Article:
Maximal versus feigned active cervical motion in healthy patients: The coefficient of variation as an indicator for sincerity of effort

Z. Dvir*, T. Prushansky, C. Peretz

*Corresponding author for this work

Research output: Contribution to journalArticlepeer-review


Study Design. Maximal and submaximal (feigned) cervical motions in healthy patients were compared. Objective. To test the efficiency of the coefficient of variation in differentiating maximal (sincere) from submaximal (feigned) cervical motion in healthy patients. Summary of Background Data. Although limitation of cervical motion is a recognized impairment, no well-founded approach for verifying the degree to which a patient is maximizing his or her performance is available currently. Methods. A new ultrasound-based system for three-dimensional motion analysis of the head was used to test 25 healthy patients (22 women and 3 men) ages 26 to 48 years. During the first test, (Test 1), the patients were asked initially to move the head maximally at a self-determined velocity in all the primary directions: Flexion, extension, right and left rotation, and right and left lateral flexion. They then were presented with a short vignette describing a fictitious accident and asked, using the same protocol, to perform the same types of cervical motions as if they had experienced an injury. No further instructions were provided. A retest (Test 2) in reverse order (feigned effort first) took place 1 to 16 weeks (mean, 3.3 weeks) later. Results. The range of motion and average velocity were significantly smaller (P = 0.0001) in the feigned than in the maximal performance in all directions and on both tests. Feigned range of motion and velocity also were significantly reduced in Test 2 (P = 0.006), as compared with those in Test 1 (P = 0.0001). The range of motion coefficient of variation in the feigned performance (CVf) remained stable on the retest, but was significantly larger on both tests (P < 0.001) than the corresponding CV derived from maximal performance (CVm). Furthermore, a case-by-case analysis showed that whereas the American Medical Association guidelines identified only 16% of the feigned cases, the use of CVf and CVm resulted in a corresponding rate of 87%. Tolerance intervals at 95% and 99% indicated total separation between the distributions of CVf and CVm respectively. The average velocity-based CVf and CVm were not of a comparable differentiating power. Conclusions. This study indicates that in healthy patients, feigned performance may be differentiated from maximal (sincere) performance effectively and reproducibly using the coefficient of variation.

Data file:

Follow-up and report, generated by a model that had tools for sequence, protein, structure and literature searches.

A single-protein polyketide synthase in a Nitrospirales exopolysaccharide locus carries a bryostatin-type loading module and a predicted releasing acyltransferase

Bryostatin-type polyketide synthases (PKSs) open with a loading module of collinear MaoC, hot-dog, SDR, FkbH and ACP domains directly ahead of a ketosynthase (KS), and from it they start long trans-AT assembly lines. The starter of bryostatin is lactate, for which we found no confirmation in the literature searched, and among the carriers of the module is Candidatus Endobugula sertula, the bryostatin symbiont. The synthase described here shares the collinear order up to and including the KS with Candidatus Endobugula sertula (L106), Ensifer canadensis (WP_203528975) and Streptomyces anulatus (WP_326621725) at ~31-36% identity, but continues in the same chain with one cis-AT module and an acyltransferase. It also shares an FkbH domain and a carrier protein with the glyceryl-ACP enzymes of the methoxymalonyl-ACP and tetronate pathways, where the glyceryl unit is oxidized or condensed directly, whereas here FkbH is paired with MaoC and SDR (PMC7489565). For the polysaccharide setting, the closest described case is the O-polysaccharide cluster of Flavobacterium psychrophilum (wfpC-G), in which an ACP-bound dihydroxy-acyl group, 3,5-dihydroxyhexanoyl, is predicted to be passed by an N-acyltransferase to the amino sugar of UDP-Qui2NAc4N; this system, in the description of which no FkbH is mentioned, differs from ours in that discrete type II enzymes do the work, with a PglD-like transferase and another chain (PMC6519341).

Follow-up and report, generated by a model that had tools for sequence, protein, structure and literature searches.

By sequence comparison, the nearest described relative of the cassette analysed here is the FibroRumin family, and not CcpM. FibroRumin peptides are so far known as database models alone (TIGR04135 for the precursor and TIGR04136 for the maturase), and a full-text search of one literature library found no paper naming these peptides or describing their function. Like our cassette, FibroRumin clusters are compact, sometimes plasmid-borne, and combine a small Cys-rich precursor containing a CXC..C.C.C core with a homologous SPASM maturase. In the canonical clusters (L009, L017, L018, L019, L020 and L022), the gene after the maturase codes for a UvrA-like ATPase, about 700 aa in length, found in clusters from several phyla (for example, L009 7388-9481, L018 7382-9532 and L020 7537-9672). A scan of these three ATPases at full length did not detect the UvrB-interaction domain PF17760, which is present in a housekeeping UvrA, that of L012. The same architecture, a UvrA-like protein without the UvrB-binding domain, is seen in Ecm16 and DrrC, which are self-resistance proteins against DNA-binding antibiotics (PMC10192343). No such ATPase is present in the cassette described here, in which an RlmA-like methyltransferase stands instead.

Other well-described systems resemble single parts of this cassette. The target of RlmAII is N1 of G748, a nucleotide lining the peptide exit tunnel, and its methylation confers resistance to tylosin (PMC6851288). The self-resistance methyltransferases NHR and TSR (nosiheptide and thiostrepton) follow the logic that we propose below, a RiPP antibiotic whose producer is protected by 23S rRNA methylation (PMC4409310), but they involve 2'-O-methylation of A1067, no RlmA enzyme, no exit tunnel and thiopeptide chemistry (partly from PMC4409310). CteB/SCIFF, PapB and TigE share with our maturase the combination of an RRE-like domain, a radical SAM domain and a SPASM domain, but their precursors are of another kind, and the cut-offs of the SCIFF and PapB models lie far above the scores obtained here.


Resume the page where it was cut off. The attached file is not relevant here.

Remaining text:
Original languageEnglish
Pages (from-to)1680-1688
Number of pages9
Issue number15
StatePublished - 1 Aug 2001


  • Cervical spine
  • Differentiation
  • Effort
  • Motion


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